- Toronto Telegram (Toronto, ON), 17 Jun 1939
- Full Text
- Double Wreck on the Doorstep
Schooner Days CCCCII (402)
by C. H. J. Snider
PROMPT as the morning’s mail comes more information about the schooner Ontario, as requested last week.
Captain John Williams, of 57 Isleworth avenue, veteran of sail and steam on the lakes since 1860, gives this vivid snapshot of the finish of one Ontario.
“I knew one of the Ontarios well. When I was young she was one of J. T. Mathews’ fleet, and Capt. Mike Troy sailed her. In fact I think he took her from Lake Ontario to the Upper Lakes when she was sold from down here. She used to unload in the Scott street slip in Toronto. She was a pretty little vessel.
“Later, the first year I had the Straubenzee, 1892, I took her to Lake Huron and the Georgian Bay to load timber. I saw a wreck on the shore near Mississagi Strait. She was lying on the southwest corner of Manitoulin Island, the east side of the strait, south of the lighthouse, and headed out, about southeast. The wind was light and we were just coasting along, so I thought I would have a good look at her. I got our yawlboat down and told the mate to pull our headsails down and drop the anchor if necessary, and two of us sculled over to the wreck. She was a little white vessel, and her hull was familiar, but her house had been washed away, her rail was gone, the paint was faded out, and her spars, although still standing, were all bleached and bare as though the wreck had been there two years or more.
“I pulled under her stern and in faint letters was the name ONTARIO. I don’t remember the hailing port, but I remarked at the time that she no longer had “of Toronto” there, as she had when I used to see her in Scott street slip. I thought of going aboard, but she was high out of the water and there was nothing to make fast to, and so we sculled back to the Straubenzee."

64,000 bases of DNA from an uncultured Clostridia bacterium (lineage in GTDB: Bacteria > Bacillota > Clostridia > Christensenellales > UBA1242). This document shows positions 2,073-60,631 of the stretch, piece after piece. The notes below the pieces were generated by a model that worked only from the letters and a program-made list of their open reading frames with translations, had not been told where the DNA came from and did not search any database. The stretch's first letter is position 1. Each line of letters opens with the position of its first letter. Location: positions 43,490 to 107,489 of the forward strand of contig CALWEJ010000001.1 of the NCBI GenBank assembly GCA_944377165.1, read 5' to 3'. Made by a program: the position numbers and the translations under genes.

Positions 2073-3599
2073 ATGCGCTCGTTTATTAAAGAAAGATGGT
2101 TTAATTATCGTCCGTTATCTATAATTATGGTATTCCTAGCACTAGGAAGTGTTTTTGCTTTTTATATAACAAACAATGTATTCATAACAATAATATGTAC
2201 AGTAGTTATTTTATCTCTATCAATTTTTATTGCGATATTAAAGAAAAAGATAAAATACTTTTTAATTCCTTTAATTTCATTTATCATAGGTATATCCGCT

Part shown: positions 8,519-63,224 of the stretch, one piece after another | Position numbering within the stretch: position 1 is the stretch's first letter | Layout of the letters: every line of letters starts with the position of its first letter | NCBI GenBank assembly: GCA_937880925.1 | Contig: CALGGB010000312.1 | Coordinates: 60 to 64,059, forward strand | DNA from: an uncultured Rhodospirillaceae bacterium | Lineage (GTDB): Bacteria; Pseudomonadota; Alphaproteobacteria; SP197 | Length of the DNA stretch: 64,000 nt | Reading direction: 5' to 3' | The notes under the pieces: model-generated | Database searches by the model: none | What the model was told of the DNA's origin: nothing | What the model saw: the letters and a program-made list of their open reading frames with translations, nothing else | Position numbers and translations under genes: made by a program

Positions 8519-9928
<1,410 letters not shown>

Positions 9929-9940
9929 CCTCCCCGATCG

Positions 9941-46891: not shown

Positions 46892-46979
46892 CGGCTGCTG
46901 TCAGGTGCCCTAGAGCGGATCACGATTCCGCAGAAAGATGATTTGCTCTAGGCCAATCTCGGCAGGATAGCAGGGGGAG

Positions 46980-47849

This vessel was not the Ontario built in Whitby in 1856, mentioned last week, but still another Ontario, built at South Bay in 1869. This one was 161 tons, 118 feet 6 inches long, 24 feet beam, and 10 feet depth Capt. J. D. Vanalstine sailed her at one time and J. T. Mathews, of Toronto, owned her. She was registered in Montreal. Another schooner Ontario built in Quebec in 1851 was owned by H. Waters, Chatham, Ont. in 1877, and there was a schooner Ontario hailing from Charlottetown, P. E. I.
The Ontario pictured last week, to which the anchor also pictured belonged, was a different vessel from all of these mentioned. Schooner Days’ good friend, Reeve Frank Morton, of Southampton, confirms the information another Schooner Days’ friend, Albert Leader, of Toronto, gave. This Ontario, he says, was built by Henry Marlton in Goderich for Frank Granville and William Spence. The latter was a son of Capt. John Spence, one of the founders of Southampton, and owner of the Nemesis, Wanderer, Ontario, White Oak, and several other vessels.
The Ontario narrowly escaped being named the New Dominion, for she was launched July 1, 1867, the first day of Confederation. Perhaps the fact that four other schooners registered under that name forced her back on her own province, at the expense of duplicating the name of the Ontario of Whitby.
The Goderich Ontario did not suffer thereby, for Capt. Frank Granville, of Chatham, her last and surviving owner, still possesses the flag presented to the schooner by Hon. Oliver Mowat, later Prime Minister of Ontario, on the first Dominion Day celebration, when she was launched. H. S. Turner, collector of customs and registrar of shipping in Goderich, contributes this information, and the additional interesting details that this Ontario was 105 feet in length, 23 feet in breadth, 9 feet 2 inches deep in the hold, and 150. 16 tons register; somewhat smaller, therefore, than the Whitby Ontario.
The Ontario had various changes in ownership.
Granville and Spence dissolved partnership later, says Reeve Morton, Granville keeping the Ontario and Spence taking over the White Oak. That would be in or about 1900. In the register of 1877 the Goderich Ontario is recorded as of 186 tons and owned by Wm. Seymour and Co. There was another Ontario in 1877, owned by D. C. Miller, of Maidstone, Ont., 78 feet long, 20 feet beam and 4 ft. 4 inches depth, registering 76 tons and hailing from Windsor. She was built at River Puce, Ont.